The parents of a five year old girl have been warned by her school over her “unauthorised absences” – despite the fact she has a rare and incurable cancer.
Leah Gillon, known as Lilly, was diagnosed with an ependymoma tumour four years ago and has undergone pioneering proton therapy in America as well as surgery to remove the tumour at Birmingham Children’s Hospital.
She attended just 67 per cent of classes at Warren Farm Primary School in Kingstanding, because as her parents claim, due to her illness Lilly underwent two surgeries and has had scores of critical hospital appointments.
The Mail Online reports:
Her mother Cherie, 28, who has three other children, said Warren Farm Primary in Birmingham would no longer authorise absence for Lilly to miss school unless they provided medical proof of her incurable cancer.
Last year, she could only attend 67 per cent of her classes due to her illness.
She has to go to hospital every three months for an MRI scan to check the tumour has not returned.
Mrs Gillon said: ‘This was a situation they knew about when Lilly first started school and to turn around and say they don’t believe she has cancer is laughable.
‘As parents it is the worst thing to go through, trying to help your daughter and it is a kick in the teeth to know that people don’t believe just how sick Lilly is.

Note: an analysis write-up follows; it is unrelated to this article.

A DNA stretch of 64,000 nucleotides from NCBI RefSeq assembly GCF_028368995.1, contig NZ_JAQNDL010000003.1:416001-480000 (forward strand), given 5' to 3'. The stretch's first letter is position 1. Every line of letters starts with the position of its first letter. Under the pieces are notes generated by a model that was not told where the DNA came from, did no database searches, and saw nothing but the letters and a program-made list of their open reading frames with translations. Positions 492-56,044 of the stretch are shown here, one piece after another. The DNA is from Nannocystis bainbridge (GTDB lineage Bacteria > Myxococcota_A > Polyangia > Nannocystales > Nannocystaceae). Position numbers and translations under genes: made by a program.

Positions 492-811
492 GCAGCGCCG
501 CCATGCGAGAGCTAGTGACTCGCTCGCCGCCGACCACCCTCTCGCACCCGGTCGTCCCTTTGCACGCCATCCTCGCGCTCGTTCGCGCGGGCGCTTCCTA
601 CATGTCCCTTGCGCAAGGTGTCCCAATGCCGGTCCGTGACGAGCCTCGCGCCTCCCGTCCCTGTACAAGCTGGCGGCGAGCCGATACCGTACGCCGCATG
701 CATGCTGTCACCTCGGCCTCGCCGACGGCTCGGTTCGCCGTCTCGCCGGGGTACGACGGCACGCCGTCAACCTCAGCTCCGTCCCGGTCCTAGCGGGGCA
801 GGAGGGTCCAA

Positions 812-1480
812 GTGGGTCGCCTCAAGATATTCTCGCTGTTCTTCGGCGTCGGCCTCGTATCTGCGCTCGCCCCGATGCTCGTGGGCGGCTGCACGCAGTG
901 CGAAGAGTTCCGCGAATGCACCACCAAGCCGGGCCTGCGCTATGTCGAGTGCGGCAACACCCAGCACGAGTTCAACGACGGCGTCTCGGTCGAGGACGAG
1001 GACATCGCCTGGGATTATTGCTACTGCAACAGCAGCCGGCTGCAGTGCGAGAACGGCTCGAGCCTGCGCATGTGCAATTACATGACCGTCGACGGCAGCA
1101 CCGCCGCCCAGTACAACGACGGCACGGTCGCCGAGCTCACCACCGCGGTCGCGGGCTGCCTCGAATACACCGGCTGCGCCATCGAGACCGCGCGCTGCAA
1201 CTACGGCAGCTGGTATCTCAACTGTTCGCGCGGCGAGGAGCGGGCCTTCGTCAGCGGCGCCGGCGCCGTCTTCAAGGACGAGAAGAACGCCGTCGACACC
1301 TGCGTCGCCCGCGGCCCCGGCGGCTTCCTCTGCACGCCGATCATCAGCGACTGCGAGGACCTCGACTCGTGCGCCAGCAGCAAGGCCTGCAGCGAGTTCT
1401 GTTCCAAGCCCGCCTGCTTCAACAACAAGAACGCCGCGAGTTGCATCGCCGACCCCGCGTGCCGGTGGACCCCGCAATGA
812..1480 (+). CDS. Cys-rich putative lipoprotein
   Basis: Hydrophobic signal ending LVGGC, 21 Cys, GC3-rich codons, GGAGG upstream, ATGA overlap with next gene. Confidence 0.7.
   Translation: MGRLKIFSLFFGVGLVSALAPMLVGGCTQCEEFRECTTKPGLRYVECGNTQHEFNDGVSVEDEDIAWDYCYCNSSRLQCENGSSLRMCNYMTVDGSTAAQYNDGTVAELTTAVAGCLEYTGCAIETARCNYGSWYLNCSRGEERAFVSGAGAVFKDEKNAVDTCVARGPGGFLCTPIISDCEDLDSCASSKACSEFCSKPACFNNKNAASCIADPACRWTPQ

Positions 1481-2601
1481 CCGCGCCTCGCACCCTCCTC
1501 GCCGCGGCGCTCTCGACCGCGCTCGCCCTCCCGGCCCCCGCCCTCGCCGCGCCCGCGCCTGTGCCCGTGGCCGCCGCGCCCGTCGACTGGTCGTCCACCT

‘My only goal is to keep my daughter safe and healthy.
‘I don’t want my daughter to be at home. I want her to be at school like every other child her age, having fun and learning with her friends.
‘I’m put in a position where I feel like a bad mother when I am doing everything in my power to help them. The school told me that I have failed my child.
‘The school are in constant contact with her nurse, so I have no idea how they could say they know nothing about it.
‘The doctors told us that Lilly’s condition was manageable but it wouldn’t be possible to cure her.
‘The fluid in her brain causes the tumour and although we had it removed we have to keep checking in case it reoccurs.’
She added: ‘Lilly’s had two major operations in two years. The tumour was totally removed in 2011 and she’s had stable scans since then. But she’s not in remission.
‘The school letter said she was in remission and that term is deeply offensive to people affected by ependymoma.
‘People with ependymomas don’t go into remission.
‘It’s incurable and the longest anyone has ever survived after having a tumour removed was 12 years. It’s a recurring tumour.
‘It’s a manageable cancer but we don’t know how long she is going be stable.
‘She has ongoing health issues. She struggles with her balance because her reflexes in her legs aren’t very good.
‘She has problems with her airways and she has an iron deficiency.
‘Leah has been mistreated. I feel like that school has put my family through hell and they are making my life unnecessarily stressful. I think it’s a disgrace.’
Mrs Gillon has now taken daughters Kacie, eight, and Chelsey, 10, out of the school while they wait to attend somewhere else.
Husband Graham, 38, manager of a car manufacturer, said: ‘Lilly needs time off for hospital appointments and has already had to have three days off in the past two weeks.
‘I was disgusted that the school could say that.
‘Lilly is shortly to have her three-monthly MRI scan to check if the tumour has come back – we live our lives three months at a time.’